"Mom is missing," she replied.

I nearly jumped out of my seat, exclaiming, "What do you mean she is missing??"

My sister quickly filled me in on what had transpired. She and her son had been at the house while Dad was looking at a job. When they saw Dad's truck pulling into the driveway, they gathered their things to leave. They unlocked the front door and let themselves out, but didn't lock the door behind them because Dad was getting out of his truck and coming up right then. It didn't seem likely that Mom would get out without someone noticing or crossing paths with her. Yet, it happened.

I jumped out of my seat and dialed my dad's number, trying to decide if I should leave the house in my jammies to go look for her or change into real clothes first (okay, let's be honest here...the issue was more about a bra than it was the jammies, ha ha). Dad answered his phone after the first ring and I asked him if he had found Mom. Thankfully, he said that he had found her. I breathed a sigh of relief and tried to calm my racing heart as Dad gave his side of what happened. Like Christina had said, he had just pulled up and Chris and Jeremy were walking down the driveway. Somehow in that time, Mom must have snuck behind Chris and walked down alongside Dad's huge work van as he was on the other side (hiding her from his view) and made her escape. By the time Dad had made his way up the porch, she was already gone and he had no idea that she had even step foot out of the house. He came inside the house and got settled in when, a short time later, he heard his doorbell ring. He answered to find a man standing there, who said, in a thick, Spanish accent,

"Your wife is out."

It took Dad a moment to understand what the man was saying, but then he followed him outside and walked up and down the street, finding no sign of Mom. Dad was a little suspicious of the man, wondering if he was trying to scam him or something, but the man told him to go check in his house. Dad walked through the house and the panic set in when he couldn't find Mom. He went back outside and-I can't remember if he said he walked or got in his car, but I think he said he happened to walk out at just the right time-he found Mom crossing a street in the neighborhood. My guess from Dad's description is that the man who showed up at the door was the husband of Mom's friend, Maria, who lives up the street. They often see me walking with her and they always try to engage Mom and say hi; they know the situation. Thank goodness that he happened to be outside at 9:00 at night and recognized that my mom was wandering alone. I am so grateful for neighbors who keep an eye out for us. I hate to think of how it could've ended had he not been out!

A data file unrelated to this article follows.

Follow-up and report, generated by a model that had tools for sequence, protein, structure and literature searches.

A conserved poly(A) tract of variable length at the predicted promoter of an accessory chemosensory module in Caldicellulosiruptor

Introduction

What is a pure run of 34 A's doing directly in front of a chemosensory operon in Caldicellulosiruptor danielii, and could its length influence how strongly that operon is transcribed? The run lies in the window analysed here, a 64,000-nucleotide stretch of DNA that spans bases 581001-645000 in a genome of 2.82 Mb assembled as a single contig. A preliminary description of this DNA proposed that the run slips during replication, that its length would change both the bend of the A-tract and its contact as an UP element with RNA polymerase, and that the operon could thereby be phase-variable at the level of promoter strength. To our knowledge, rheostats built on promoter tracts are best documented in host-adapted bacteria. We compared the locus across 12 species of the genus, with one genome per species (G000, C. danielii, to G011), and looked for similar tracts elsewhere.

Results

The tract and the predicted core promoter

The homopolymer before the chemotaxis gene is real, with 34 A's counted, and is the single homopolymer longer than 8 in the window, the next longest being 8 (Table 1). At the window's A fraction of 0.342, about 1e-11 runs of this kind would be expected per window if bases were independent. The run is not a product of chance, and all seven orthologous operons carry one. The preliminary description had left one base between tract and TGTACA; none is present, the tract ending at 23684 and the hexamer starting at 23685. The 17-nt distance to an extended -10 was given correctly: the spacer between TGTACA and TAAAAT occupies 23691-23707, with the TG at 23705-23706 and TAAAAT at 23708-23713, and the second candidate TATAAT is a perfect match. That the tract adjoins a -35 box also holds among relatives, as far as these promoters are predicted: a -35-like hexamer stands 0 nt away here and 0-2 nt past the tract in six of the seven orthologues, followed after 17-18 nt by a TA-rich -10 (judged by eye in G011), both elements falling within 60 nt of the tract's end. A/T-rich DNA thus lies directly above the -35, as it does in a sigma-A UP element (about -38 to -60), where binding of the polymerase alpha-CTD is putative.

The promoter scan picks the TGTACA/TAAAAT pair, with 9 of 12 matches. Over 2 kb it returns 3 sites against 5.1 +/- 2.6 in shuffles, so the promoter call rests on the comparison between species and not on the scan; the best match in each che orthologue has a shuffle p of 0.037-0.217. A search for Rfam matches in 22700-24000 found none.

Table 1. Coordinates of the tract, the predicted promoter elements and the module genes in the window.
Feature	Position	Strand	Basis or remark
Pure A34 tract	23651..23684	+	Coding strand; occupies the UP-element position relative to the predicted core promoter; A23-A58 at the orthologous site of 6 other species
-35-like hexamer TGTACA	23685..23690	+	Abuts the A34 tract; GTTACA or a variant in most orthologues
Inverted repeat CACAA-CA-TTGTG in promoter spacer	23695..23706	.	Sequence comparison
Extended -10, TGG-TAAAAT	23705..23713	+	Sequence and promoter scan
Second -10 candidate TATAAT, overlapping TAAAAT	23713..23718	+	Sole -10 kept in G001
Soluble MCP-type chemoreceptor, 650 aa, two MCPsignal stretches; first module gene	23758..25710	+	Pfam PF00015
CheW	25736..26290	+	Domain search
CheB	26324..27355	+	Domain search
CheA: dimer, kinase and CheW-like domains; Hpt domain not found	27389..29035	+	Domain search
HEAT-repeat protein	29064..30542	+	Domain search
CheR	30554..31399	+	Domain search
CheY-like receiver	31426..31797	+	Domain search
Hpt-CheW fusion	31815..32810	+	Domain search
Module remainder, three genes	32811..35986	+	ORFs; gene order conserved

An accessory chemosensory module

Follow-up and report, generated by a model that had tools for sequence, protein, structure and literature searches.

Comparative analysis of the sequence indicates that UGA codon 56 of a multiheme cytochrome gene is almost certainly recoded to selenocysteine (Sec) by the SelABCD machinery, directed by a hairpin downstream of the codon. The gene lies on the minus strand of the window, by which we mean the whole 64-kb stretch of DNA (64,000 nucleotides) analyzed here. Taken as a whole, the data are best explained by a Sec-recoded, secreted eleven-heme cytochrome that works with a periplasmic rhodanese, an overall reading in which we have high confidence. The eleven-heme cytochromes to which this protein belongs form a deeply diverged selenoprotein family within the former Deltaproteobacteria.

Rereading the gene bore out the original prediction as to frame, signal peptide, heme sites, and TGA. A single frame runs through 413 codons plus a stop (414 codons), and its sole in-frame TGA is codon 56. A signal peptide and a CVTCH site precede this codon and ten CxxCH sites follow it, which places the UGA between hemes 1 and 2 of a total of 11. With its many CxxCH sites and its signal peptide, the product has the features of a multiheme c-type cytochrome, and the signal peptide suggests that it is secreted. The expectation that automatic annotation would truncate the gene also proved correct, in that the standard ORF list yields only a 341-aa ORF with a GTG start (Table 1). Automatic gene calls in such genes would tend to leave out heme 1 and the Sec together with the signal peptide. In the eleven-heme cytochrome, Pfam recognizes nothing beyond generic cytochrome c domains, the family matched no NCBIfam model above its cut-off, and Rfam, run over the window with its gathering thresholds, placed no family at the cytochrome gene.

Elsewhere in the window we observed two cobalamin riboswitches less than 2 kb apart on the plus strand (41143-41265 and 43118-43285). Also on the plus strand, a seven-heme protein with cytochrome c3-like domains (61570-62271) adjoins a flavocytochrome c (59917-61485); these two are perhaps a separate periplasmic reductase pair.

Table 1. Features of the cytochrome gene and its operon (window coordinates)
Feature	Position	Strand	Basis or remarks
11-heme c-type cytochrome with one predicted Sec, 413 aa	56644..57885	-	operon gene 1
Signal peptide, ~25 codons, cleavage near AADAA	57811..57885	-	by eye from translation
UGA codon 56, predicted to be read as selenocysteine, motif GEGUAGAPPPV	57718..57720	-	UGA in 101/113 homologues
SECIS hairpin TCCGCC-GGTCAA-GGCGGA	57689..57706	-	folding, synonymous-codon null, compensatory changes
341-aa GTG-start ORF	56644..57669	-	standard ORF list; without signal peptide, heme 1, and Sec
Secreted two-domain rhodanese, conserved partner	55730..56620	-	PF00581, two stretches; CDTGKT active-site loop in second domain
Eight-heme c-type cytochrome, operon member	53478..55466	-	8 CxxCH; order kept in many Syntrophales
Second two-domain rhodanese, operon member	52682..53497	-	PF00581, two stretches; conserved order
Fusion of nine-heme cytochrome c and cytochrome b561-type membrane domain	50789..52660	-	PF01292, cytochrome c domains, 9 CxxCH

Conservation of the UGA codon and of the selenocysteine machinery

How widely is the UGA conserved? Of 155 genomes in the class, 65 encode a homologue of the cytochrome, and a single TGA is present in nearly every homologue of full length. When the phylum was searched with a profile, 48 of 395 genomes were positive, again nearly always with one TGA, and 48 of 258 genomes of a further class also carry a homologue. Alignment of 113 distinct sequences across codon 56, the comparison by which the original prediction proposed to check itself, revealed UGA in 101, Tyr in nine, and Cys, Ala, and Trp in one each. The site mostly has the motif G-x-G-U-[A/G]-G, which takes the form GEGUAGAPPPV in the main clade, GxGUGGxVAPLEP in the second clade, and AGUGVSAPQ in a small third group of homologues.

As I was on the phone with Dad, he found her ID bracelet that we'd had made for her a few years ago (that she would never leave on). I told him that she is to the point now where I don't think she can get the bracelet undone. After struggling himself with the clasp, Dad finally got the bracelet on Mom and as of this morning, when I checked in with the caregiver, it is still on her wrist. Even with our lock system, Mom is sneaky...we never know when she might get past us!

Friday, August 12, 2016

A Little Respite

On Monday, I returned from a 10 day family vacation. Our friends let us borrow their RV and we drove through Utah and Idaho to visit family, attend a special event for my daughter, Maurina, and enjoy the great outdoors. One of the best parts of this was that my dad was able to join us in his fifth wheel (travel trailer) as well! We rarely get to vacation together these days because somebody has to be home with mom. But it was important to Maurina (and me) that we both be there, so my sister stepped up to the plate and took care of mom while we were gone. I'm so grateful to her and to our other caregivers for making this trip possible and taking care of mom while we were gone.

For the first time all summer, I was able to really relax and enjoy myself. Even while I was in Arizona, I was busy answering phone calls, regarding mom, every single day. Mom is constantly on my mind and I worry about her when I'm way. The days leading up to vacation were filled with stress and sadness for me (I've had a hard time shaking off this "down" feeling lately) but I was determined to relax and enjoy time away with my hubby and kids. As much as I worry, I know my dad worries even more being away, but the time away was good for both of us. For the first time in a long time, I saw my dad happy and enjoying himself. We talked, we laughed, we played games, we went fishing...it was almost like old times. Except we were missing Mom.